Indications from the Congress are that before Rahul Gandhi’s dramatic performance, President Pranab Kumar Mukherjee had conveyed his own concerns in relation to the ordinance when he met Union Ministers Kapil Sibal, Kamal Nath and Sushilkumar Shinde. Apparently, the climate of judicial orders reflecting the popular sentiment against political corruption also figured in those discussions. Informed sources in the Congress say that apprehensions about the judiciary striking down the ordinance did figure in the meeting. Though the Central government has withdrawn the ordinance following Rahul Gandhi’s outburst, it has hardly helped reduce the sense of bewilderment in the political class on the possible ways of overcoming the judicial interventions.

The reaction of the BJP and its leaders, including Prime Ministerial candidate Narendra Modi, on the ordinance issue belies the party's confusion. Reacting to Rahul Gandhi's outburst a day after it happened, Modi only questioned the manner in which the Congress vice-president insulted Prime Minister Manmohan Singh on the issue. He did not go into the merits of the ordinance in detail or hail the Supreme Court verdict on the disqualification of lawmakers. BJP insiders admit that this silence or reticence from somebody who is known for aggressive articulation is not accidental. “Modi knows very well that this is dangerous political territory. If he lauds the disqualification of convicted legislators, it could become a millstone around his own neck. For, the conviction of his close associate Amit Shah in a criminal case may not be too far away,” said a senior BJP leader known to be close to Lal Krishna Advani.

Even so, other leaders of the BJP have made it appear that they had opposed the ordinance right from the time it was put up for discussion by the government. However, Kamal Nath pointed out that the BJP had supported the ordinance at the all-party meeting and had unanimously agreed to its provisions. That bit of political gamesmanship continues amid the overall confusion.

Senior Congress leader and Union Minister Vayalar Ravi points out that mainstream political parties need to sit together and evolve a consensus to overcome the challenges posed by the judicial interventions. He perceives the verdicts as manifestations of the complex political process that the country is going through over the past three decades or so and is optimistic that the political class will find new directions and new thinking from these interventions (see interview). Jagadanand Singh of the RJD agreed broadly with Ravi but felt that several other factors too needed to be addressed for achieving a consensus. “Historically, the class predilections of the judiciary have been with the privileged, and the underprivileged castes and classes have by and large got a raw deal,” he said. According to a number of RJD activists, who raised their voice against Lalu Prasad’s conviction, even in the trajectory of the fodder scam one can see instances of this partiality.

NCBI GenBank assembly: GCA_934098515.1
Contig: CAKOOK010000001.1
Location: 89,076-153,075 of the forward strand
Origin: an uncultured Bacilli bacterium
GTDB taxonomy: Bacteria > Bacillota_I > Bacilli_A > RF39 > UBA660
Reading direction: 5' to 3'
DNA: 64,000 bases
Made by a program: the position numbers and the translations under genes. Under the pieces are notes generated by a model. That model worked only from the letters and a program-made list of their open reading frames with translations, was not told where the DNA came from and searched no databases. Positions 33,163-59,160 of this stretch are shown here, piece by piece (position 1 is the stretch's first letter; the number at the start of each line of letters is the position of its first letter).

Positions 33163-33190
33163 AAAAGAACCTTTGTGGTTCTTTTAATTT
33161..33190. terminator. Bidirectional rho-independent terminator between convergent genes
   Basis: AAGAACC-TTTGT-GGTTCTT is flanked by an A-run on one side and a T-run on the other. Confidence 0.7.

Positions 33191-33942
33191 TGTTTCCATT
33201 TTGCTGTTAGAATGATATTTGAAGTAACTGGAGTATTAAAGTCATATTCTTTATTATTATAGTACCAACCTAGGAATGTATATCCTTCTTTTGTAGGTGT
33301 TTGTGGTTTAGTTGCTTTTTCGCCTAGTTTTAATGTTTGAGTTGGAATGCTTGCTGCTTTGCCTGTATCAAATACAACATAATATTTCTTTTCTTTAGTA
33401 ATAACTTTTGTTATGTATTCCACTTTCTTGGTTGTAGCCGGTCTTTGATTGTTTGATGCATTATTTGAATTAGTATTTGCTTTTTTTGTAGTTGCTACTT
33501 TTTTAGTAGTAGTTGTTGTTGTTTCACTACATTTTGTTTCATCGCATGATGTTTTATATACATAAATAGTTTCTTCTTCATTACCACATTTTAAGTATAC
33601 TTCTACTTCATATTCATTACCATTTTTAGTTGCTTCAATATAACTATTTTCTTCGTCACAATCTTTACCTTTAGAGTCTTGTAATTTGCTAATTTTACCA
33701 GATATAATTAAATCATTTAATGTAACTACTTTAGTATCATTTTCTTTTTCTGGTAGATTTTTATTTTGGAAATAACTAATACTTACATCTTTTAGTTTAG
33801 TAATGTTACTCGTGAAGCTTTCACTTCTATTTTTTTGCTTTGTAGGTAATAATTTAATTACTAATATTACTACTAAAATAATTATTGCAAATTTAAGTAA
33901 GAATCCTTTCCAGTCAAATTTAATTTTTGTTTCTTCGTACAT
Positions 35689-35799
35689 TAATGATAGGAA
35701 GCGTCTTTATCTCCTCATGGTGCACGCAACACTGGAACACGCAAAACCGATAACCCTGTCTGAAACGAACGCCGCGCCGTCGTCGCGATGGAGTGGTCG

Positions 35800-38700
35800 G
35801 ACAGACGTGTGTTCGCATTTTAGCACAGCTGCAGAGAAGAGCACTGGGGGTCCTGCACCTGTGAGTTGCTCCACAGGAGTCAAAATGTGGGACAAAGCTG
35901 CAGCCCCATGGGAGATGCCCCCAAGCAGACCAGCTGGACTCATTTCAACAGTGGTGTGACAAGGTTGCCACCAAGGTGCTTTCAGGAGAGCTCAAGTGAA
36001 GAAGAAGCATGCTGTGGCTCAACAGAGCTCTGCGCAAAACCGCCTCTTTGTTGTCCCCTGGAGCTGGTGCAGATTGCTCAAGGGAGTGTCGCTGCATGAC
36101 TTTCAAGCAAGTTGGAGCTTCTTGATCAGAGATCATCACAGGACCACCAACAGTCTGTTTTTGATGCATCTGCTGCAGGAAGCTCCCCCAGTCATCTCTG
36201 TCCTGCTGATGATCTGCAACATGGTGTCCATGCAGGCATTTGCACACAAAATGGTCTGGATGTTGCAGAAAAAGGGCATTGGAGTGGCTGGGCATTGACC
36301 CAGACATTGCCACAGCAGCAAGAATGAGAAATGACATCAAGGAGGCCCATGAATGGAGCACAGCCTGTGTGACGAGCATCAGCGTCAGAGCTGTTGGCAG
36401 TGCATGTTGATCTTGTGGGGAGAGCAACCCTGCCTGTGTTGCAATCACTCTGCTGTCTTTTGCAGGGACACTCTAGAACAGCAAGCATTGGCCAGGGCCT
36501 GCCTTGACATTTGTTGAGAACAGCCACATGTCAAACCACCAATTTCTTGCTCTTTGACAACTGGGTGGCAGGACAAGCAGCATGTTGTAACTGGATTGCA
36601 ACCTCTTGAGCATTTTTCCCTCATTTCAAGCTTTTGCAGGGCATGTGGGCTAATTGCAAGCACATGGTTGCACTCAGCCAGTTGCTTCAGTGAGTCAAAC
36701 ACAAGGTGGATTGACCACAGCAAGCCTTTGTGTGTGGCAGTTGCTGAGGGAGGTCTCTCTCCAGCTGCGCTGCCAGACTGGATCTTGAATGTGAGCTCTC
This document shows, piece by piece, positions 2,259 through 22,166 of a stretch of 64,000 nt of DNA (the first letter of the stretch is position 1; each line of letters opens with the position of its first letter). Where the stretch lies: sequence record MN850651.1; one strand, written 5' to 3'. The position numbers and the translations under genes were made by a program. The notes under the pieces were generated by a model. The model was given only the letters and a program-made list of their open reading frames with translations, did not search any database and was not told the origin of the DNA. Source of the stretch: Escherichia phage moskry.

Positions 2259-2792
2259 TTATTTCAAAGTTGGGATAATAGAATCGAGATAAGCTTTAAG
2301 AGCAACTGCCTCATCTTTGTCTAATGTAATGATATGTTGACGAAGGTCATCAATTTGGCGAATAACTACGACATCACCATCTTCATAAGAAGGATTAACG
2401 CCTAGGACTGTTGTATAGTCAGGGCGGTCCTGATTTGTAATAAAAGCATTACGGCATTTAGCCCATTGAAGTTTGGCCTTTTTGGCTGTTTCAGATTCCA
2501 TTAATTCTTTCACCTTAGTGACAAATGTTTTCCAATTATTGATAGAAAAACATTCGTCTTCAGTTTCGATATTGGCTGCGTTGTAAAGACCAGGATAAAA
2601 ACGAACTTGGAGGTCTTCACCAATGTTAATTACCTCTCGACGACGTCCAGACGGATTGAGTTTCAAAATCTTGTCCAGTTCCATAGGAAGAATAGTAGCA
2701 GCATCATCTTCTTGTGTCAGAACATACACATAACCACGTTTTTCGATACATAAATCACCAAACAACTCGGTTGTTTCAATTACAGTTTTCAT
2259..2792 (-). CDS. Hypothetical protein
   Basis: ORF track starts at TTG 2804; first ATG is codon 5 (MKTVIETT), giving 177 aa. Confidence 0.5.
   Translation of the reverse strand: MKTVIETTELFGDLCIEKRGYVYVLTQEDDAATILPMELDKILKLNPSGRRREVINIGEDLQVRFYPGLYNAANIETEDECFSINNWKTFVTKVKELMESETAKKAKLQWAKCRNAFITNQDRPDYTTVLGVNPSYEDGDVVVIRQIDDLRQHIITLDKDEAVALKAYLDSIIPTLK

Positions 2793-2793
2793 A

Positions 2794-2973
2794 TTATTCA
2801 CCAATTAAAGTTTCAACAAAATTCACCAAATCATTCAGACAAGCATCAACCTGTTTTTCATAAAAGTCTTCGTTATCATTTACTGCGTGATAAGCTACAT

Taking these projections into consideration, Sudhir Panwar said the verdicts and the political confabulations on their consequences would lead to concrete steps to transform politics only if other issues were addressed. He said: “A number of measures, starting with improved voter registration, creation of an accessible, verifiable and transparent electoral mechanism and substantive police and judicial reforms to make rule of law real, effective and friendly to the underprivileged are required to make meaningful changes. This process needs to start with understanding the relevance and value of the political process in the country as opposed to the shenanigans of individual politicians. Unless that sense is arrived at collectively, the so-called promise held out by these judicial interventions could turn out to be a grave danger to our democracy and polity.”